Happy Anniversary, Baby!

Yesterday my darling husband & I celebrated our 24th anniversary. We went to dinner (TGIF’s) and a movie. The movie (A Perfect Getaway) was not great but it provided a great opportunity for 2 hours of hand-holding.

When we got home, there was a note from our 15 year old taped on the door that asked us to not turn on any lights. Hmmmm.

Throughout the house he had placed several notes in places we were not likely to miss; each note illuminated by flashlight. The notes all pointed us to the whiteboard in the kitchen. And in the kitchen? The biggest of the flashlights aiming its beam at the whiteboard, shown here. Isn’t he sweet?


Family Night! And another chores discussion.

Alternative title: “Expectations”

No one took me up on my offer to clean poopie bottoms (1000!!!), so we suffered through another chores discussion. Here’s what we came up with.

Expectations for Saturday:
Breakfast together (How fun is that? T wants to have breakfast together!)
1 reminder (no more) no later than end of breakfast. If none given by the end of breakfast, no reminder. (No nagging!)
Chores are to be completed by noon on Saturday. If not, and no prior agreement, the list gets longer.
If chores not done by noon, T will be told “list is getting longer”. When chores are complete, then told what new items have been added. (Parental discretion required here. If it’s 5pm before we say “Hey!” then so be it. Regardless, we get to decide what’s on the penalty list.) If chores are not done by the end of the weekend, DRILL SERGEANT kicks in. This means 6a.m. call to duty every day of the week until chores are done.

Chores (What it’s all about):
Both bathrooms clean: all surfaces sparkle (in the event additional chemicals are needed, notify Mom), towels hung neatly, sink, tub, toilet, floor (There was some discussion about Jim cleaning the “downstairs” aka “common” or “shared” bathroom at least once a month, but I don’t think this was settled.)
Vacuum upstairs: gameroom
Vacuum downstairs: Living room, dining room, family room. Dust and clean up in family room.
Laundry done (washed, dried, folded, put away) by 10pm Sunday CST
1 meal per week (assuming Dad gets the ingredients) (This is the only new item, and T volunteered!)

For housecleaning chores, T must let us know when chores are completed. (This prevents me from chiming in with *helpful* feedback prior to chore completion.)

For extra $: Vacuum and dust offices (upstairs/downstairs)
Dust front rooms, clean leather, wood polish
Kitchen counter and/or floors (sweep/mop)
Cook 2nd meal during week
Wash vehicle

No lecturing during family night.

Tonight’s conversation went well. We worked this list out together (minus hubby’s 15 minute distraction phone call during negotiations). T thinks typing it up is weird and begged me not to a) print it and post it on refrigerator or b) put it in his “mail”. I told him it was going on the blog. I’m not sure if he believed me.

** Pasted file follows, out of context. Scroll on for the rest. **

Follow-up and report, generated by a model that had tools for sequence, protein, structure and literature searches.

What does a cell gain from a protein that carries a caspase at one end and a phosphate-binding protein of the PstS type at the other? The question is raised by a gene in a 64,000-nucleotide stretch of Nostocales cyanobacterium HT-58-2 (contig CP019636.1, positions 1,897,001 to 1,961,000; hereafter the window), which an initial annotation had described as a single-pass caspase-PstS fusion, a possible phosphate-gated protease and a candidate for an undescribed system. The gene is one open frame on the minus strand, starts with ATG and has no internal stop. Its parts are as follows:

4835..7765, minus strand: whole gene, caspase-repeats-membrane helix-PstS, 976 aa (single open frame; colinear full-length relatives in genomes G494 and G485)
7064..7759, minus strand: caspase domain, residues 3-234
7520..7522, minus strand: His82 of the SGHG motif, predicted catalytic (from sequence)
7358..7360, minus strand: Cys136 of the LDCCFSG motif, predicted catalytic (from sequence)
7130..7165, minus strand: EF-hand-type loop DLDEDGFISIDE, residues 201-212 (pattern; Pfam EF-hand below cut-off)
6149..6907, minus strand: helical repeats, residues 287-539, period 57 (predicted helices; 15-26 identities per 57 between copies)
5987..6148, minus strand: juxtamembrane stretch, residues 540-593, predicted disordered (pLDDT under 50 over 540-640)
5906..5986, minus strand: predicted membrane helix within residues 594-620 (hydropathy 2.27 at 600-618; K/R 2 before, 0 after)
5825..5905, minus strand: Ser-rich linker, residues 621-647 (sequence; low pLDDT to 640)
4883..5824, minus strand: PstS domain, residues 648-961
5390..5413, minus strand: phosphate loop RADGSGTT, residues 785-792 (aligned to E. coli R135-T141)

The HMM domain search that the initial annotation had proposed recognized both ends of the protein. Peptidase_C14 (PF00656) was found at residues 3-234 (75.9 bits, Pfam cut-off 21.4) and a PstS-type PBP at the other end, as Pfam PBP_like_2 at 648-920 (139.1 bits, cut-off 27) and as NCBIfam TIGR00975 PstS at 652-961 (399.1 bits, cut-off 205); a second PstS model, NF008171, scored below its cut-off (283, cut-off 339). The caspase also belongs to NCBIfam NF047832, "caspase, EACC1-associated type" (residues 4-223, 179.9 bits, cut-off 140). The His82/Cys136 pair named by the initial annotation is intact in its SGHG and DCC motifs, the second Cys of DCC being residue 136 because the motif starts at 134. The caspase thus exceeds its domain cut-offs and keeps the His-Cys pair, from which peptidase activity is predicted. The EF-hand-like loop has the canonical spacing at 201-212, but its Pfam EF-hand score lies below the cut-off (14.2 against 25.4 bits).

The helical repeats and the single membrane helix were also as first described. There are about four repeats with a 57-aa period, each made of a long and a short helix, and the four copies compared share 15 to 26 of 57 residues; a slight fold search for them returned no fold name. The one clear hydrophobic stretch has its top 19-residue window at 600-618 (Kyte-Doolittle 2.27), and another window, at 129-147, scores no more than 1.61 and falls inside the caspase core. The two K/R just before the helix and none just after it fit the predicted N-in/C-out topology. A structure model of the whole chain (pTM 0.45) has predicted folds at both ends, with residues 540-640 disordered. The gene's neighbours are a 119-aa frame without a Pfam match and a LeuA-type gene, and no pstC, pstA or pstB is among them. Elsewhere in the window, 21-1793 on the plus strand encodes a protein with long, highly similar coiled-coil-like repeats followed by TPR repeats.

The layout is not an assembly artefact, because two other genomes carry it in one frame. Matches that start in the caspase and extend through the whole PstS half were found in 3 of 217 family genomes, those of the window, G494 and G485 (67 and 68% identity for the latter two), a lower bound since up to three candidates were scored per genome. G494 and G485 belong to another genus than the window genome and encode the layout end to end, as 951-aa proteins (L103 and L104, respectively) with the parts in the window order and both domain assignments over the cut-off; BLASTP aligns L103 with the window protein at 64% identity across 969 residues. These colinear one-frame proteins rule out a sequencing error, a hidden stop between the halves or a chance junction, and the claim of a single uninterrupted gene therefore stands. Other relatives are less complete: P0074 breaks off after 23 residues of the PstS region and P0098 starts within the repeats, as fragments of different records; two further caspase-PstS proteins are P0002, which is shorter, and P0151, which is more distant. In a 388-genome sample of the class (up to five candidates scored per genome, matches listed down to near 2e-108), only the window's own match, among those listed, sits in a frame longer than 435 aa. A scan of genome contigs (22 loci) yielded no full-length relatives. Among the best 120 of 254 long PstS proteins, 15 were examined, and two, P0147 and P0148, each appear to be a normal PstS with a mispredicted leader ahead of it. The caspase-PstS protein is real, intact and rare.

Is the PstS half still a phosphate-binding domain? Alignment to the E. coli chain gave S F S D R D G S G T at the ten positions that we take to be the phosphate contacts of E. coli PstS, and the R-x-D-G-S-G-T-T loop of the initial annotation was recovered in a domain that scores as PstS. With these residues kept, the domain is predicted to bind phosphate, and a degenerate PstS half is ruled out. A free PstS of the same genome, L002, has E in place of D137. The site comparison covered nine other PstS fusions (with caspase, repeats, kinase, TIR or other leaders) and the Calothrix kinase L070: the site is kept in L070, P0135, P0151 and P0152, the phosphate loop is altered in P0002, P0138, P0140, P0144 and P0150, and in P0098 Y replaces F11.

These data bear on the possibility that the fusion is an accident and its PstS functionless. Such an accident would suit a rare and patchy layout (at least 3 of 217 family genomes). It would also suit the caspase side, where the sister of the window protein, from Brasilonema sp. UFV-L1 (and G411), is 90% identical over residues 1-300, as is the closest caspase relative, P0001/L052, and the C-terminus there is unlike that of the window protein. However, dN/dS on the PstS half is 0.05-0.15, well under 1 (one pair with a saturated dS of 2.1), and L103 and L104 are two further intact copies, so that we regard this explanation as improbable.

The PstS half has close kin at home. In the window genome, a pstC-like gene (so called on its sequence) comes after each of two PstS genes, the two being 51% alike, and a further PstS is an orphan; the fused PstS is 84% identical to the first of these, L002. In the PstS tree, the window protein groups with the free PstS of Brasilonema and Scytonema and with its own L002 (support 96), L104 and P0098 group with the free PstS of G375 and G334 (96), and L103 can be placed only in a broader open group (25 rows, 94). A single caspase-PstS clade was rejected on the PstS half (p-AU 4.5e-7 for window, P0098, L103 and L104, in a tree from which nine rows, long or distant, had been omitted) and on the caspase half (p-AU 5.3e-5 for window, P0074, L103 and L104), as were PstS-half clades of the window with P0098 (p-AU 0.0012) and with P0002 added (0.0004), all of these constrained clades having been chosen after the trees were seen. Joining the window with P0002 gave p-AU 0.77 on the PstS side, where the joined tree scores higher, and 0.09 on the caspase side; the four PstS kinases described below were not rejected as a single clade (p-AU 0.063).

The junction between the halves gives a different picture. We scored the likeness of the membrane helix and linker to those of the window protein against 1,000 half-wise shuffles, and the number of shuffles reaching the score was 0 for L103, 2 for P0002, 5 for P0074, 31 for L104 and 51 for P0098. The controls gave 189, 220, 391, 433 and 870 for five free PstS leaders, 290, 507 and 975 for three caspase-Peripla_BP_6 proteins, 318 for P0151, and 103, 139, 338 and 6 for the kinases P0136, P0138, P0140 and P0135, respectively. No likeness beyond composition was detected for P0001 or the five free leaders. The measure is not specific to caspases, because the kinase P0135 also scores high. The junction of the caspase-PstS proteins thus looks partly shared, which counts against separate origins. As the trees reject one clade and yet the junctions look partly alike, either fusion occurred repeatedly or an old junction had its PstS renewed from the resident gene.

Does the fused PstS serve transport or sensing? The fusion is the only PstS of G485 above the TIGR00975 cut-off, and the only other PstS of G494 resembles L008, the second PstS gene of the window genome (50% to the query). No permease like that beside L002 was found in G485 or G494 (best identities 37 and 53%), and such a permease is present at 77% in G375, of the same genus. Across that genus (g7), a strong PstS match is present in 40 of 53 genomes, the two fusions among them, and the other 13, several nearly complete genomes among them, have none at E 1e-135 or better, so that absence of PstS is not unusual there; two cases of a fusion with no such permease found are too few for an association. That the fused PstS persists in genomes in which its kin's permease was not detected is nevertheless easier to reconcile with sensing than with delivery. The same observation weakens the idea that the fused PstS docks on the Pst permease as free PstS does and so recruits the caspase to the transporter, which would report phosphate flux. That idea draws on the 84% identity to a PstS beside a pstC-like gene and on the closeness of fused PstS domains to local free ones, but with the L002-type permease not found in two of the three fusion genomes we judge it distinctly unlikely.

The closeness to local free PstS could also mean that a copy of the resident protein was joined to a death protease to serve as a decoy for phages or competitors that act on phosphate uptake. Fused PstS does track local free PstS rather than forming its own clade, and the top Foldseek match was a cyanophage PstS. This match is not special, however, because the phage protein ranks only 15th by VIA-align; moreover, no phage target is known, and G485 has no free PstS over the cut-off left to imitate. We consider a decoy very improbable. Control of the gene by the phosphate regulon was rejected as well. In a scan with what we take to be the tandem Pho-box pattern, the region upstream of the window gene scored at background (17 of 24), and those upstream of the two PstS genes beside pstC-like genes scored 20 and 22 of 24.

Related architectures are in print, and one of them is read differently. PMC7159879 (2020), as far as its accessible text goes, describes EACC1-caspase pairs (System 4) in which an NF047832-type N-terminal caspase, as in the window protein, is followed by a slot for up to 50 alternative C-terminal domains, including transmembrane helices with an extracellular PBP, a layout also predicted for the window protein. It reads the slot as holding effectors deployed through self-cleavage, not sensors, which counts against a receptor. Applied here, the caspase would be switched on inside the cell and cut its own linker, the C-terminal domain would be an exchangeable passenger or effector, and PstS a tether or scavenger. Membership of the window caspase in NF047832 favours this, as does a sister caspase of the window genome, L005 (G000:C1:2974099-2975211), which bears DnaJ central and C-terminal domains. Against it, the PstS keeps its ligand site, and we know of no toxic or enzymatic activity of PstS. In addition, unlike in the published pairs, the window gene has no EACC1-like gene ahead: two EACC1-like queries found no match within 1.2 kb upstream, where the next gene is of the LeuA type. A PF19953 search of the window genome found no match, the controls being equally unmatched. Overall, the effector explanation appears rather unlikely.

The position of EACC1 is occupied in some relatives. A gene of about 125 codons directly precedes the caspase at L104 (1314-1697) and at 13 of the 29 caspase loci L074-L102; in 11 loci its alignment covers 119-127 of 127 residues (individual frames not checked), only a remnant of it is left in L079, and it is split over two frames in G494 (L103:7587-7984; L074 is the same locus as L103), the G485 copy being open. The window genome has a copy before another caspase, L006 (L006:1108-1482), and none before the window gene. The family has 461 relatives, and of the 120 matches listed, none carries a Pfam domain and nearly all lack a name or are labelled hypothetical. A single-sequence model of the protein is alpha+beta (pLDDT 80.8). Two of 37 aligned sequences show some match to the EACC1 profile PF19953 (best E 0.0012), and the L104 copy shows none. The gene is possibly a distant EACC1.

From 1001 Things Every Teen Should Know Before They Leave Home (Or Else They’ll Come Back): 9) They should know to persevere in the face of disappointment. 13) They should know life isn’t fair. And be grateful for that. 14) They should know things are rarely as good or as bad as they seem. 16) They should know life isn’t about avoiding struggles, but overcoming them. 20) They should know the world is filled with unreasonable people. And they may work for one of them.

Or … one of them may be a parent. 😉

and then we played on the Wii for an hour….

Too much? Let me know your thoughts.

Do’s and Dont’s

I’ve learned a lot in the last 22 years of parenting. Some of what I’ve learned is what NOT to do. Since I’m still in the business (my youngest is 14). I’m hoping to get help from the parents who visit this blog. Here are a couple of items that have been on my mind. I hope to hear some feedback.


  1. Make your children pick up after themselves.
  2. Leave “love notes” or other messages for your children to show your affection.
  3. Stick to your word, including delivering on any “threats” of punishment.
  4. Assign household chores and expect these to be completed in a timely fashion (regardless of attitude).


  1. Make your children clean their rooms. (Do leave them some territory to learn on their own, such as the benefit of putting things away).
  2. Constantly badger and nag your kids.
  3. Threaten things you can’t deliver on (like “You’re never going to bake another cake if you don’t clean this mess up!”)
  4. Make chores arduous or unreasonable for the age (and don’t expect the attitude to always be ideal).

That’s enough for now. What are your thoughts?

The Prodigal Son, the "good" son, and the father

I thought I knew the parable of the prodigal son, having heard the tale many times during Sunday readings. It only appears in Luke’s gospel, and it is the story of a father and his two sons.

The Story retold